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Biol Psychiatry. 2000 Nov 15;48(10):1001-9.

Does obstructive sleep apnea confound sleep architecture findings in subjects with depressive symptoms?

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  • 1Department of Psychiatry, University of California San Diego, La Jolla, 92093-0804, USA.



Compared with normal subjects, depressed patients have shorter rapid eye movement sleep latency (REML), increased REM and decreased slow wave sleep as a percentage of total sleep time (REM%, SWS%), and longer sleep latency (SL). Obstructive sleep apnea (OSA) patients experience longer REML, decreased REM% and SWS%, and shorter SL. We examined the interplay of depressive symptoms, OSA, and sleep architecture.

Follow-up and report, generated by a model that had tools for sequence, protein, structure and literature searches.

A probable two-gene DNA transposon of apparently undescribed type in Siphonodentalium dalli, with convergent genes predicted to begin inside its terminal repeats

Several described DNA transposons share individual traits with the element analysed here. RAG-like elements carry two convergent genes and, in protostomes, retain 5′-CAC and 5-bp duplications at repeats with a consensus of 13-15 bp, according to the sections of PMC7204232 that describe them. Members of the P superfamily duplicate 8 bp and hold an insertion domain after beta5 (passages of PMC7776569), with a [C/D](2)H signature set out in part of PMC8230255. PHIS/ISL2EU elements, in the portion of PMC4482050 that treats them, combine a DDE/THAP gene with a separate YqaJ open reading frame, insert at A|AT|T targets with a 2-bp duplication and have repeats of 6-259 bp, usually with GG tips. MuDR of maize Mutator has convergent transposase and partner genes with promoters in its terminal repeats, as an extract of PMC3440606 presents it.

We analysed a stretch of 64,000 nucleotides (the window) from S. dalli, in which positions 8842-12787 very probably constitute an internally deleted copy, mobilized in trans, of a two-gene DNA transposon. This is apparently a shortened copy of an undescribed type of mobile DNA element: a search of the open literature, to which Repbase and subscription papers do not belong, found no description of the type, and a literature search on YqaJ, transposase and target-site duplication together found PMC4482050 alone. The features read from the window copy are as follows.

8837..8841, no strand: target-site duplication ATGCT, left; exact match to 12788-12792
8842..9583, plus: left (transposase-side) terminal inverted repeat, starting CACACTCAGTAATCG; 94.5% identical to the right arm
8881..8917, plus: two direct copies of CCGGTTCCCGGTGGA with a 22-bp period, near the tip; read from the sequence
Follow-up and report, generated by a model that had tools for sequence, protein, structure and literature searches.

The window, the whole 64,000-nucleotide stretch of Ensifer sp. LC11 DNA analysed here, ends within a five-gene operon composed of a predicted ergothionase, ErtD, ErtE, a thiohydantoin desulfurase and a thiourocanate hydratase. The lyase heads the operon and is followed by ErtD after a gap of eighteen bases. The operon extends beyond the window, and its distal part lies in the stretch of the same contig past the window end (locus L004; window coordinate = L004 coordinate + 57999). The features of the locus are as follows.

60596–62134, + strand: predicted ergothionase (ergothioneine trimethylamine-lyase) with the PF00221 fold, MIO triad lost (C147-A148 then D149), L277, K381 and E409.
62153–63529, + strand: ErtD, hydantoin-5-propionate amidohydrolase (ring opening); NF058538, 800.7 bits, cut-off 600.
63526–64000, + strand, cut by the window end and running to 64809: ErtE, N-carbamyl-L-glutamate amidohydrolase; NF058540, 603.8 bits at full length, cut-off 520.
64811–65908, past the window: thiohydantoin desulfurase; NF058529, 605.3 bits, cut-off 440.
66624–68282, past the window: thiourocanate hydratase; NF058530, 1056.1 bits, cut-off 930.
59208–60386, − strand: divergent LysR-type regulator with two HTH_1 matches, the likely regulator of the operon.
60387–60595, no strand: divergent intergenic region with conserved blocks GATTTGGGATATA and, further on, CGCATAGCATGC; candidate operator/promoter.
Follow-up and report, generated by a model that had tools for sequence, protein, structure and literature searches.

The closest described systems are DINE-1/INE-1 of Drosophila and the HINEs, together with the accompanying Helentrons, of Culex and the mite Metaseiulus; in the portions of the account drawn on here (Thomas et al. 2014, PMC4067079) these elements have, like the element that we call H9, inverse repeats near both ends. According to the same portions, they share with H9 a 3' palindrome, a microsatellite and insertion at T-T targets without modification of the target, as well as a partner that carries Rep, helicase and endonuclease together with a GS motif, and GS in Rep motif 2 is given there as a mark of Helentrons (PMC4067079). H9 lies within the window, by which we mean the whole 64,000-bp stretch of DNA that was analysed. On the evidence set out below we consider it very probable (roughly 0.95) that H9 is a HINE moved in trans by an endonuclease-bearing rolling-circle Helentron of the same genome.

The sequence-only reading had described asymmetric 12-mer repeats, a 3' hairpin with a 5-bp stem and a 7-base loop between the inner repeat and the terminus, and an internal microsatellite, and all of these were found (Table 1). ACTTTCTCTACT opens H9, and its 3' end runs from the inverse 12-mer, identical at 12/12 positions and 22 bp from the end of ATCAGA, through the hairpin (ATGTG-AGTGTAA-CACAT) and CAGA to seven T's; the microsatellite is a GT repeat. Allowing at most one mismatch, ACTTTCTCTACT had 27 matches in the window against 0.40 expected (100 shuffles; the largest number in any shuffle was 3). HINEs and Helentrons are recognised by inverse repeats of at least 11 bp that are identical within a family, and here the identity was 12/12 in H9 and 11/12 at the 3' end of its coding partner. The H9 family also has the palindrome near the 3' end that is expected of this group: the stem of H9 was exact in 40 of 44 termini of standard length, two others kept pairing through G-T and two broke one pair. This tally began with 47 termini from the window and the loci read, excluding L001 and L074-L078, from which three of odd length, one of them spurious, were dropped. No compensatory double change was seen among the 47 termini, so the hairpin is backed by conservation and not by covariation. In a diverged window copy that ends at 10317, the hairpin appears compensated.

Subjects (n = 106) were studied with polysomnography. OSA was defined as a Respiratory Disturbance Index > or = 15. Subjects were divided into Hi/Lo groups using a Center for Epidemiological Studies-Depression (CES-D) score of 16.


OSA patients had shorter SL than non-OSA patients (14.5 vs. 26.8 min, p <.001); Hi CES-D subjects showed a trend toward longer SL than Lo CES-D subjects (23.7 vs. 17.5 min, p =.079). Significant OSA x CES-D interactions emerged, however, for REM% (p =.040) and SL (p =.002): OSA/Hi CES-D subjects had higher REM% than OSA/Lo CES-D subjects (19.3% vs. 14.3%, p =.021); non-OSA/Hi CES-D subjects had SL (35.3 min) 2-3 times as long as other subjects (p =.002-.012).


Because of the high prevalence of OSA and depression, findings suggest that OSA must be considered in studies of mood and sleep architecture. Conversely, depressive symptoms must be considered in studies of OSA and sleep architecture.

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